A turbojet is a kind of jet engine that works by squeezing air into a small space, mixing it with fuel, and setting it on fire. The mixture of fuel and air goes out the back of the engine and pushes it forward. As it leaves the engine it spins a turbine which turns a gas compressor at the front which sucks in more air and compresses it.
Turbofan engines are more complex. They are more common today because they can make more power, for the same amount of fuel, than a turbojet. They also make less noise. Supersonic aircraft still use the simpler kind.
- The air intake is the part at the front of the engine. The intake is where the air is brought into the engine.
- The air compressor squeezes the air, in order to make it smaller. This makes the pressure and temperature higher. The air compressor is made out of spinning blades called rotors, and blades that do not move, called stators.
- The combustion chamber is where the air is burnt. Fuel is injected by several tubes, and the fire heats up the air.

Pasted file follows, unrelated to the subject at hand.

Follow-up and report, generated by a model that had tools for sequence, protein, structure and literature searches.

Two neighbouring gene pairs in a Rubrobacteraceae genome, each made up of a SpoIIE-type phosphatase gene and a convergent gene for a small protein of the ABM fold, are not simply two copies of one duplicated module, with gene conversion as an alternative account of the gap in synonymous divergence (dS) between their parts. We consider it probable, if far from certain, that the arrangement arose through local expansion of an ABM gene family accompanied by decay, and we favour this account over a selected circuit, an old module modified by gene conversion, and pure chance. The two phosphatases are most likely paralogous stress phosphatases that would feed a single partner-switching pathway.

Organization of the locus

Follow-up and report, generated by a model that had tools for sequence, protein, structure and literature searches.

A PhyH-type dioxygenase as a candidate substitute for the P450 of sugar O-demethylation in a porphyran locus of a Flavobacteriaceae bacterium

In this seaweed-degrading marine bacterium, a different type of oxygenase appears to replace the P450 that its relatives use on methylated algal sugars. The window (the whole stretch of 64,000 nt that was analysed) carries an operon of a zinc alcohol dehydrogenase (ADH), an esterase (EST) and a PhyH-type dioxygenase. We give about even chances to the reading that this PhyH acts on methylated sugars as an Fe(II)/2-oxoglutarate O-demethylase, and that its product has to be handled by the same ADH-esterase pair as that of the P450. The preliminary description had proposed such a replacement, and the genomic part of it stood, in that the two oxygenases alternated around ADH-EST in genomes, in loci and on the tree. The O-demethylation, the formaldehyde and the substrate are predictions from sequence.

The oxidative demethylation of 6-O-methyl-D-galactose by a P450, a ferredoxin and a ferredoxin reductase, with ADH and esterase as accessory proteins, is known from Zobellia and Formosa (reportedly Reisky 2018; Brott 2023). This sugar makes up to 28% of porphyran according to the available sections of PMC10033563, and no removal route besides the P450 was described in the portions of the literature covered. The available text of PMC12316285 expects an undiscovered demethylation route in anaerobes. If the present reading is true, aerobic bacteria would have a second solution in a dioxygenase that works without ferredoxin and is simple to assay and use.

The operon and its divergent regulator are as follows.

- After passing the combustion chamber, the air pushes a turbine fan. This turbine fan is connected to the compressor. The air pushing on it makes the rotors of the compressor turn.
- The nozzle is where the air comes out of the engine. The speed of the air is bigger than the speed at the air intake. This bigger force makes the vehicle move towards the front.
- Some planes have an afterburner. The afterburner is like a combustion chamber, but is attached behind the nozzle. It has tubes which inject fuel and burns the air again. The afterburner is used in order to increase speed of the vehicle, but the use of fuel is very high. This makes it used rarely, for example on supersonic airplanes.
- ↑ A Dictionary of Aviation, David W. Wragg. ISBN 10: 0850451639 / ISBN 13: 9780850451634, 1st Edition Published by Osprey, 1973 / Published by Frederick Fell, Inc., NY, 1974 (1st American Edition.)
- ↑ 2.0 2.1 W. Austyn Mair, Aircraft Performance (Cambridge; New York: Cambridge University Press, 1992), pp. 77–78